Illinois law requires that properly-fitting U.S. Coast Guard-approved PFDs – life jackets or life vests – be available for each person aboard a boat or other watercraft.
SPRINGFIELD – Illinois Conservation Police officers are reminding boaters to wear life jackets, and for boat operators to stay sober, as Illinois’ busiest boating season is now in full swing.
“Wearing a life jacket can save your life, and just like being sober while driving your truck or car to the boat ramp, it is against the law to drive or operate a boat while under the influence of alcohol or drugs,” said Illinois Conservation Police Chief Rafael Gutierrez. “Our Conservation Police Officers will be patrolling Illinois waterways all summer long to encourage boaters to stay safe and enjoy their time on the water.”
Statistics compiled by the IDNR Office of Law Enforcement show that there were 80 boating-related accidents in Illinois in 2017 resulting in 48 injuries and 12 fatalities. Annual boating accident statistics are compiled based on the Federal Fiscal Year of Oct. 1 through Sept. 30.
Conservation Police officers (CPOs) in 2017 issued 1,355 citations and 4,886 warnings in enforcement of Illinois boating safety laws. CPOs made 145 arrests for boaters operating under the influence (OUI) in 2017.
IDNR statistics indicate that 10 of the 12 people who died in boating accidents last year may have survived if they had worn a life jacket or other personal flotation device (PFD); three of the 12 boating-related fatalities involved alcohol or drug impairment.
Illinois law requires that properly-fitting U.S. Coast Guard-approved PFDs – life jackets or life vests – be available for each person aboard a boat or other watercraft. State law also requires that anyone under the age of 13 must wear a life jacket while aboard any watercraft under 26 feet in length at all times the boat is underway, unless they are below deck in an enclosed cabin or operating on private property. Illinois law also requires persons of any age to wear a PFD while operating a personal watercraft or Jet Ski.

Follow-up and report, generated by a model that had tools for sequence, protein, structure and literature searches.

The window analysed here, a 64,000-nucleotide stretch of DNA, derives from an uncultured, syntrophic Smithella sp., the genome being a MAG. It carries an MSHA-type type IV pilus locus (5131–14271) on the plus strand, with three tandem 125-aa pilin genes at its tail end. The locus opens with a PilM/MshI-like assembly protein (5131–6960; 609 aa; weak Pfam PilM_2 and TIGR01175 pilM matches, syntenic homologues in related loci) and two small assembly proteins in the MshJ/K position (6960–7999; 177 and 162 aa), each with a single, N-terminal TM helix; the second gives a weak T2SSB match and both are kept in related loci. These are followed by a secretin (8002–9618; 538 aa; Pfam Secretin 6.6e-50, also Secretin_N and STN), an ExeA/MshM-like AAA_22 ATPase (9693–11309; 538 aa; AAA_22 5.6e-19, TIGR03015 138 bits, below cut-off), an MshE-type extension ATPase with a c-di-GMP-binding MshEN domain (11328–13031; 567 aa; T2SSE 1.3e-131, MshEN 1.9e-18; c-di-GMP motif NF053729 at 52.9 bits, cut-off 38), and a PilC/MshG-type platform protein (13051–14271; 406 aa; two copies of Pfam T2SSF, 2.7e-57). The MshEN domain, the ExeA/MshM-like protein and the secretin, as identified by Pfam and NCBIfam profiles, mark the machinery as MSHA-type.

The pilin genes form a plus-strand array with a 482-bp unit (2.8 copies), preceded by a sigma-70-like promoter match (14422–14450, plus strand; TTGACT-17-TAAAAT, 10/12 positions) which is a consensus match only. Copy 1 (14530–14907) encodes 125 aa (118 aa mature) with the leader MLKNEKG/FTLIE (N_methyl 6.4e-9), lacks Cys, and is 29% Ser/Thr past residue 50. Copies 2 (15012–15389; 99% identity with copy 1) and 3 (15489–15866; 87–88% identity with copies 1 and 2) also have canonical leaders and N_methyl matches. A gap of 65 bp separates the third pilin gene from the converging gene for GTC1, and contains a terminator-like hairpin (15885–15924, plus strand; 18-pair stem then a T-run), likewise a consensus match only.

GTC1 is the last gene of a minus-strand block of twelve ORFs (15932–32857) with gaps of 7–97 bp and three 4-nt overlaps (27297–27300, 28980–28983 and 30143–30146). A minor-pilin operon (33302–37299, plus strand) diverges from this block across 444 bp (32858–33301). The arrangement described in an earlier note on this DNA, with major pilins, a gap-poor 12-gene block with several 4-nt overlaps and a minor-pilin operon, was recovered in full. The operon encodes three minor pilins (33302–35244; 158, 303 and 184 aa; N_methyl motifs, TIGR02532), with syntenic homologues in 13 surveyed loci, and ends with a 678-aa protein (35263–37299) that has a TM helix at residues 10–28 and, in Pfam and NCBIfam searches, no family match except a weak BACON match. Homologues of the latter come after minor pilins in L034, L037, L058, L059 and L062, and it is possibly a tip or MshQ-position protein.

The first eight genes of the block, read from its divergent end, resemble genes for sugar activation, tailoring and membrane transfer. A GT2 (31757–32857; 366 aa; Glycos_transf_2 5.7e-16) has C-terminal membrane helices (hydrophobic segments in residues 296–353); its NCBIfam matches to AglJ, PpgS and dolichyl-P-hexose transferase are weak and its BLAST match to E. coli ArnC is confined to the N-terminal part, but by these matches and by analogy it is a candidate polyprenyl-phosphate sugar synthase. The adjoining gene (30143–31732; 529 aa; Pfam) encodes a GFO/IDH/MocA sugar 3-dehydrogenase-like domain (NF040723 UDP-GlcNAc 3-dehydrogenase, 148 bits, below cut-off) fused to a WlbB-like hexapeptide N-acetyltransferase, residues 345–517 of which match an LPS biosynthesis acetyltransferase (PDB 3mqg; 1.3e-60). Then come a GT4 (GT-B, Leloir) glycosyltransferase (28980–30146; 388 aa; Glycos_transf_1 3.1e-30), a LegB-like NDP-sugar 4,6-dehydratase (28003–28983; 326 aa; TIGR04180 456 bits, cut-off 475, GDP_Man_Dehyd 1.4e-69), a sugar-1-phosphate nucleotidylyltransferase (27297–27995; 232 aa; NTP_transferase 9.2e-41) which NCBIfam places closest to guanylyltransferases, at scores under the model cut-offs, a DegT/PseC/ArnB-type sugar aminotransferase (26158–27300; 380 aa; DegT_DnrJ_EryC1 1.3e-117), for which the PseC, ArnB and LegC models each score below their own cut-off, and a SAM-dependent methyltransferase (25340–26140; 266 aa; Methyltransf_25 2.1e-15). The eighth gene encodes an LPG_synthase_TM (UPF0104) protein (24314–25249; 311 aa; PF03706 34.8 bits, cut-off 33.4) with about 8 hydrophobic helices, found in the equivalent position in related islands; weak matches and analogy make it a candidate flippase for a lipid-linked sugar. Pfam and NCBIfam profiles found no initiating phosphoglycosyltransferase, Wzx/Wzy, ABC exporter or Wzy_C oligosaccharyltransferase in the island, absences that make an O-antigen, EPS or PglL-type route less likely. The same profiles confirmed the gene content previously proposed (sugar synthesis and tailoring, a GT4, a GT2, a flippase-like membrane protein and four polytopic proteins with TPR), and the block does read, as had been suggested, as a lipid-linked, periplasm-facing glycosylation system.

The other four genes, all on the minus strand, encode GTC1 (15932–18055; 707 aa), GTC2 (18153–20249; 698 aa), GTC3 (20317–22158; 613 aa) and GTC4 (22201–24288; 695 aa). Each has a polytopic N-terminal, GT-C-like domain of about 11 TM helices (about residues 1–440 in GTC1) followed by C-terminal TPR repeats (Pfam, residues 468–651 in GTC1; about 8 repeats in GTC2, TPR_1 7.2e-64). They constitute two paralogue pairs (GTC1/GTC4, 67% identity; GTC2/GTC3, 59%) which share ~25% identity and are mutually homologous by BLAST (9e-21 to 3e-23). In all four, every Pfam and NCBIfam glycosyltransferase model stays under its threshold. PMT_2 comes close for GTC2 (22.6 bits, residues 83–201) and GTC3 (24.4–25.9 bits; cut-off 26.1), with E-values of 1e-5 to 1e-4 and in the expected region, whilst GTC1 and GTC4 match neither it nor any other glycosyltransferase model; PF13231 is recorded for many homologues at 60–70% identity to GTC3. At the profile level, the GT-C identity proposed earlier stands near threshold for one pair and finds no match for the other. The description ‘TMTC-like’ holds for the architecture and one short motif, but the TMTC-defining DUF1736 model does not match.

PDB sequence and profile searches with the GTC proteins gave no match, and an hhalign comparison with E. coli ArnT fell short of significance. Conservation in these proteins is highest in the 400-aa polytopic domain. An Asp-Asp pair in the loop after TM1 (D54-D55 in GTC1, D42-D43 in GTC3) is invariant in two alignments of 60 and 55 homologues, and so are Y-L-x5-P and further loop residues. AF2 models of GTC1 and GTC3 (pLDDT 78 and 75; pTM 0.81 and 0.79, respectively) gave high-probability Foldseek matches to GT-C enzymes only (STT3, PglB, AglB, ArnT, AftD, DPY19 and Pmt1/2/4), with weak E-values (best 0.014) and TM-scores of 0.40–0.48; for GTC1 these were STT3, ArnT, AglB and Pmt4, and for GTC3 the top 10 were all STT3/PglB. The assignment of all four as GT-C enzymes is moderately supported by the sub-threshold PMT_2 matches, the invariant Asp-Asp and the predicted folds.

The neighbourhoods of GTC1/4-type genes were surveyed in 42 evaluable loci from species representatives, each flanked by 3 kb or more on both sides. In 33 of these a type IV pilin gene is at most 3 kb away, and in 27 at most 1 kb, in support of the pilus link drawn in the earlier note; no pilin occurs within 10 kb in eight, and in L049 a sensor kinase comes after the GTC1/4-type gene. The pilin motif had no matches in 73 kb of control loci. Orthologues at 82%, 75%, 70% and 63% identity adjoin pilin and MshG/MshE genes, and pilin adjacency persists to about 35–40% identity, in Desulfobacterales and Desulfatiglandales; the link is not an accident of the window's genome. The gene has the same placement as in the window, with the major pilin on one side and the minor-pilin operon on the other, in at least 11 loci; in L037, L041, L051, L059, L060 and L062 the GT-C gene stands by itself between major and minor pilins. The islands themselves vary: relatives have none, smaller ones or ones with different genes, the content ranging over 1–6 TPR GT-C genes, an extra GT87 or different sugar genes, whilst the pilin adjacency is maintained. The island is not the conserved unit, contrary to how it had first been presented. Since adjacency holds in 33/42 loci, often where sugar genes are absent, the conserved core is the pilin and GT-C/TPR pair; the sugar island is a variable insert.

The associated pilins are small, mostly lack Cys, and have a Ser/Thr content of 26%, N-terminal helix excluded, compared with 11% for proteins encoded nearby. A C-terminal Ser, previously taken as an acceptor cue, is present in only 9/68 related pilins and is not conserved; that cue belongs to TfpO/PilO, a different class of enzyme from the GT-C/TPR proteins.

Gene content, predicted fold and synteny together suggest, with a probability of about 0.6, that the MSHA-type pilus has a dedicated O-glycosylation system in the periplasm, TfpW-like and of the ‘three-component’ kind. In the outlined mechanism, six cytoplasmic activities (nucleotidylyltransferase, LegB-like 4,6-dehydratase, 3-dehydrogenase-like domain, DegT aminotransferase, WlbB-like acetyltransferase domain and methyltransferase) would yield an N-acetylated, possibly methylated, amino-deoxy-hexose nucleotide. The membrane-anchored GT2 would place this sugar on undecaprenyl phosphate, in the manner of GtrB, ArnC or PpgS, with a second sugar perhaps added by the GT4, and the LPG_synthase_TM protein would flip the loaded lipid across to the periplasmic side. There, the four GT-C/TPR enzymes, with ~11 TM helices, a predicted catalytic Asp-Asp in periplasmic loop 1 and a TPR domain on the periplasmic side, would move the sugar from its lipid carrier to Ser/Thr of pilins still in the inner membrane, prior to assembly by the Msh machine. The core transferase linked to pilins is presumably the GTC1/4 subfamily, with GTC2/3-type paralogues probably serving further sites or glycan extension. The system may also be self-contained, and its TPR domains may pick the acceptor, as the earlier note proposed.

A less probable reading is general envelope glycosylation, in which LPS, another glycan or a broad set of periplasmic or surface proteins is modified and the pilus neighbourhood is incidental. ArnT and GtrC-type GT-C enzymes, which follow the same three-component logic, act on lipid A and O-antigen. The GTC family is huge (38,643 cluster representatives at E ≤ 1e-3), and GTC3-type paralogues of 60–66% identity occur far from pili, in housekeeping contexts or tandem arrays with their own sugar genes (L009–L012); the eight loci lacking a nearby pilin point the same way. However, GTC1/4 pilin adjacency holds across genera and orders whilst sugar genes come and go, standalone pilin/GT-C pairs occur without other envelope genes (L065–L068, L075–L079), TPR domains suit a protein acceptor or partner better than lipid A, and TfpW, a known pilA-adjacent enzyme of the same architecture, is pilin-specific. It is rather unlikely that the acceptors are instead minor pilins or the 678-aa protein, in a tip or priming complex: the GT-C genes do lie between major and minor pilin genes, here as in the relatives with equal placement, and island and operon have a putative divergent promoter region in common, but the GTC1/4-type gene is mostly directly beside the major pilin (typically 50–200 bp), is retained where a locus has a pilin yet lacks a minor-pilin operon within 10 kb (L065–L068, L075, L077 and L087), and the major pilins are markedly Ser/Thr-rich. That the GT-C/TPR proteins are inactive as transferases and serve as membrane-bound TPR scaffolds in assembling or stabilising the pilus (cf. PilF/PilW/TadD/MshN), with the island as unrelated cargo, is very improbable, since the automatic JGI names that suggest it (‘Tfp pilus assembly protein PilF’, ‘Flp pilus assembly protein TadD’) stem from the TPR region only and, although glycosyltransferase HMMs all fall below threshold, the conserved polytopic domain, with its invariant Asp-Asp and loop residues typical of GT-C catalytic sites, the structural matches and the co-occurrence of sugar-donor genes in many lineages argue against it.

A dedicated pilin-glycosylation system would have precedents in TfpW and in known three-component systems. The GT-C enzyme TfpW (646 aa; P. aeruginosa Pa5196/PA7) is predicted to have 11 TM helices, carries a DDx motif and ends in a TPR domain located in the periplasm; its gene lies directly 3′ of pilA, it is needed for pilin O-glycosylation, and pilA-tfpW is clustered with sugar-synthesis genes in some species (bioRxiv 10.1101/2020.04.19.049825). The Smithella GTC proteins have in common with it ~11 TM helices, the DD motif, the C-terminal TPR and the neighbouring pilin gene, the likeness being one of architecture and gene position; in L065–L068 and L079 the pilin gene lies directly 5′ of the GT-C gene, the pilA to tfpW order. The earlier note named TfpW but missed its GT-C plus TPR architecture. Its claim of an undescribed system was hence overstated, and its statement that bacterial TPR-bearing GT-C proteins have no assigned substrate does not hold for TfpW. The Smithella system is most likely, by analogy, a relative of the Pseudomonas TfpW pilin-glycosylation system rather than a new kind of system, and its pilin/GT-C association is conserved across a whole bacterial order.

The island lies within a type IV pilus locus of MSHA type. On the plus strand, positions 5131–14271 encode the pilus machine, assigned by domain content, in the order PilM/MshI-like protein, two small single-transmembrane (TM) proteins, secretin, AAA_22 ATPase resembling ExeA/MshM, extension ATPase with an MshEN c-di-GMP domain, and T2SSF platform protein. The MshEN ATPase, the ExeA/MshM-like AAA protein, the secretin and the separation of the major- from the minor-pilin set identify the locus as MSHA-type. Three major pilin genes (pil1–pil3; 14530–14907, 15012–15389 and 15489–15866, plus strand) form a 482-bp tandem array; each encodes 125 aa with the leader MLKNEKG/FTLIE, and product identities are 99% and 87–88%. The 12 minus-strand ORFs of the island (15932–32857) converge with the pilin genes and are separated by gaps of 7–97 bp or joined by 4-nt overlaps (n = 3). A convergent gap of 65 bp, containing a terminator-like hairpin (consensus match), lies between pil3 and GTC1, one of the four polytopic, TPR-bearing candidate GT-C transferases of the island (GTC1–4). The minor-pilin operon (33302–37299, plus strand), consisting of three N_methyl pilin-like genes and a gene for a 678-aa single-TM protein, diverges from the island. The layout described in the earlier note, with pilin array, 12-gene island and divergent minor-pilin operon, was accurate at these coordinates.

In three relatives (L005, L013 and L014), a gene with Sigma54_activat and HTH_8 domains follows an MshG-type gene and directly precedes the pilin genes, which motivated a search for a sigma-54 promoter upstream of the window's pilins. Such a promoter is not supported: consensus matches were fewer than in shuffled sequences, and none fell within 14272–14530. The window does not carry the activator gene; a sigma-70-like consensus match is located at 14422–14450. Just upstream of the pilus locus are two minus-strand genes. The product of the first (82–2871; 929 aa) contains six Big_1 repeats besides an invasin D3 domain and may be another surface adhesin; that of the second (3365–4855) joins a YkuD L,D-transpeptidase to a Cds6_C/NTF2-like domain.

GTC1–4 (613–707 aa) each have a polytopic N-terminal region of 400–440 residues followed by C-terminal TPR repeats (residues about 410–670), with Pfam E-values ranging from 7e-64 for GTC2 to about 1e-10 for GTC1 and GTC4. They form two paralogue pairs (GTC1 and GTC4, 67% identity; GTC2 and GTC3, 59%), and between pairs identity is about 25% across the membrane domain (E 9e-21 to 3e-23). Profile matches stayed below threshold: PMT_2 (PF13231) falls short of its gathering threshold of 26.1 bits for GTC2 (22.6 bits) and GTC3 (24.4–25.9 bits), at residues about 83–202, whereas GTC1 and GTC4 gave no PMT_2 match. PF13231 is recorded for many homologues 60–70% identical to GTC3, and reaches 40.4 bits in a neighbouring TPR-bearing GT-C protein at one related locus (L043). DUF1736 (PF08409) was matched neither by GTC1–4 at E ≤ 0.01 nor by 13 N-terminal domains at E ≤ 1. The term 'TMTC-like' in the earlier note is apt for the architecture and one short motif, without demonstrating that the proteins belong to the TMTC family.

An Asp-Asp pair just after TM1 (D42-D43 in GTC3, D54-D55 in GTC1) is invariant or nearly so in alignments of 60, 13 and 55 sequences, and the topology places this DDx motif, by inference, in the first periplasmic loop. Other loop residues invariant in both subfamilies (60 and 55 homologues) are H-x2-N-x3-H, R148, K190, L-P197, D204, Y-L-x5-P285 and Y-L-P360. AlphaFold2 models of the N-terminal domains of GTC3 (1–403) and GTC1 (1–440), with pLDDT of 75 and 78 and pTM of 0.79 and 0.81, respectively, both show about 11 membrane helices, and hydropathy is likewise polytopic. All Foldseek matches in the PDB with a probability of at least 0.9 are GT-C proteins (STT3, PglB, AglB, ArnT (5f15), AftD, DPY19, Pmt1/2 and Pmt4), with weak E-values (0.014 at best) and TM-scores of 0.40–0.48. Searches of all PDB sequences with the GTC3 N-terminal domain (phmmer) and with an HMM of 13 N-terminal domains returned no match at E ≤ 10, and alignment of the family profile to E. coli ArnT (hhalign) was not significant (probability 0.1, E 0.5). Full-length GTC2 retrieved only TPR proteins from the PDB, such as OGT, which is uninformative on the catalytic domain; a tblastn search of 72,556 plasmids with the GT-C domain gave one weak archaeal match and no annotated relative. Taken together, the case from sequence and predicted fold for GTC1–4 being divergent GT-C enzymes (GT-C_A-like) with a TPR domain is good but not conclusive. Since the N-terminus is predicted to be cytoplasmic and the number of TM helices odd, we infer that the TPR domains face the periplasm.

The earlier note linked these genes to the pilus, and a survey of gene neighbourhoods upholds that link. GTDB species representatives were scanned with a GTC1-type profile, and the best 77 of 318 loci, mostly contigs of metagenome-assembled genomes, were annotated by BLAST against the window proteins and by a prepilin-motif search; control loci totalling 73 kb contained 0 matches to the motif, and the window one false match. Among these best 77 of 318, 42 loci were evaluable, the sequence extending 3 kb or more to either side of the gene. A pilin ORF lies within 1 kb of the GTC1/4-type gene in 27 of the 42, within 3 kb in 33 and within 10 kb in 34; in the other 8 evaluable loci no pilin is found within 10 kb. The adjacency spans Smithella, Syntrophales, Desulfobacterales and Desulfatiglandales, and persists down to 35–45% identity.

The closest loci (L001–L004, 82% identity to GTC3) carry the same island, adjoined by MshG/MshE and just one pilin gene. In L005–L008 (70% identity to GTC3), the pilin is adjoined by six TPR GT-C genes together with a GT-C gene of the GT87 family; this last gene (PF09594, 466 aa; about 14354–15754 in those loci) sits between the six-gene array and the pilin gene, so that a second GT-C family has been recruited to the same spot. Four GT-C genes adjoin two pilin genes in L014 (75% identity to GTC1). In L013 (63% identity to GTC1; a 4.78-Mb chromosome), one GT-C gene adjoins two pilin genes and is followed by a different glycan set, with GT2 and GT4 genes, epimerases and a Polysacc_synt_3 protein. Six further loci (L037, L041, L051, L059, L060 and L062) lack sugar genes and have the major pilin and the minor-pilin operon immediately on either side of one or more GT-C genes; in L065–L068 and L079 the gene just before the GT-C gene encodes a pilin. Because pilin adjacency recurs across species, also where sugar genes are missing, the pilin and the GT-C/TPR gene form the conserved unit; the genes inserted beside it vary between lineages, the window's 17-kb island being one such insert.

The IDNR offers free boating safety courses that provide a review of boating laws and regulations, as well as instructions on safe and attentive operation of watercraft. The IDNR encourages boaters of all ages to take a safety course. Anyone born on or after Jan. 1, 1998 must pass a course and have a valid Boating Safety Certificate to operate a motorboat (with over 10 horsepower); and, state law requires boating safety education for persons ages 12 to 17 to operate a motorboat.
The free safety courses, taught by volunteer instructors, are available throughout Illinois, and schedules are available by checking the IDNR website’s boating information page at https://www.dnr.illinois.gov/safety/Pages/BoatingSafety.aspx
For a fee, online boating safety courses are also available.
There were 248,696 registered boats in Illinois in 2017, and the IDNR issued more than 74,000 Water Usage Stamps, which were required for non-powered watercraft. Water Usage Stamps are no longer required in Illinois.